The Quarter System
The quarter system is a unique part of the traditional Chicago education. It allows students to take fewer courses each quarter than a semester system, but more courses over their entire legal education. Students also get the advantage of easing into the final exam process—because most classes meet for two quarters, 1Ls only have two exams at the end of both Fall and Winter quarters. Many students find that this makes the adjustment to law school life a great deal easier. Finally the quarter system allows each 1L to take electives such as Public International Law, Health Law, Economic Analysis of Law, and Copyright in the Spring Quarter. Students choose from a list of seven to nine 1L-appropriate courses, many of which provide good foundations for both upper-level course work and summer jobs.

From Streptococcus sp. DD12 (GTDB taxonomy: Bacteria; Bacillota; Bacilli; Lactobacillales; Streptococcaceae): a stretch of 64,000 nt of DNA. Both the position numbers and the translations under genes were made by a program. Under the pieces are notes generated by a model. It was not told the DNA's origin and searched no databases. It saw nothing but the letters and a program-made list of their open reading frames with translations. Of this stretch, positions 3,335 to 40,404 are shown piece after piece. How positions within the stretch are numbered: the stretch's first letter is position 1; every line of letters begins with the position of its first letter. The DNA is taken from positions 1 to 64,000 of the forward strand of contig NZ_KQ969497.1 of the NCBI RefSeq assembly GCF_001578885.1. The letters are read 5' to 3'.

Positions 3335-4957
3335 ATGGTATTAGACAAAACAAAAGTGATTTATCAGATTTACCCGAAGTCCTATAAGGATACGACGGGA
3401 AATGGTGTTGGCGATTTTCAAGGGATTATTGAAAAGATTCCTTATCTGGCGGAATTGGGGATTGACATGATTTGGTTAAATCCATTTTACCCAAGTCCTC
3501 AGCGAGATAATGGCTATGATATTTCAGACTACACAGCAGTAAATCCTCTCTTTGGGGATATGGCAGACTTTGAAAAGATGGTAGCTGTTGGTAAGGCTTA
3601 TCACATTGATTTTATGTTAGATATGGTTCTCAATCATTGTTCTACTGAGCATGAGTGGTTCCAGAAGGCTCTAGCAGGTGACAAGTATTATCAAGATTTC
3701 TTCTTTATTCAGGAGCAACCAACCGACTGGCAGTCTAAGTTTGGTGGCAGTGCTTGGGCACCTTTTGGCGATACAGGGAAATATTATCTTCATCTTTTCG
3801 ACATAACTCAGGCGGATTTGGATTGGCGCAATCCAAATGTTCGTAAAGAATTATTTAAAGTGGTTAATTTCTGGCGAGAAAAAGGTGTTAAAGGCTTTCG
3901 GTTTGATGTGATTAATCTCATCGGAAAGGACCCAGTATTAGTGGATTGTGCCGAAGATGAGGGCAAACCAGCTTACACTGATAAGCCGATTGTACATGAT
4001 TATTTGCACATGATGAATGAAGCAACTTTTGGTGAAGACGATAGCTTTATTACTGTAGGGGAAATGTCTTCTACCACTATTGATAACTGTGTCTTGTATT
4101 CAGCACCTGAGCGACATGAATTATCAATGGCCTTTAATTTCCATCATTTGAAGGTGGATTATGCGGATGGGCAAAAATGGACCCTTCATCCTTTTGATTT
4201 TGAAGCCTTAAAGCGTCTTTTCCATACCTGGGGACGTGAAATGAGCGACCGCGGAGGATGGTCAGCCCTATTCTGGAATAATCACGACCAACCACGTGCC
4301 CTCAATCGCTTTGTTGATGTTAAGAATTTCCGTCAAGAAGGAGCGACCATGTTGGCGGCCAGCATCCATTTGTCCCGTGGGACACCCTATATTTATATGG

Perhaps most importantly, the quarter system at the Law School is the same as the quarter system at the rest of the University of Chicago, making it simple for students to take advantage of the huge variety of courses the University has to offer. Nearly the entire University is an easy walk from the Law School, and students may take up to four classes anywhere else in the University during their second and third years. Students often take these classes in the Booth School of Business, the Harris School of Public Policy, the School of Social Service Administration, the Pritzker School of Medicine, and a variety of graduate departments.
For more information about the quarter system, visit the Quarter System FAQ page.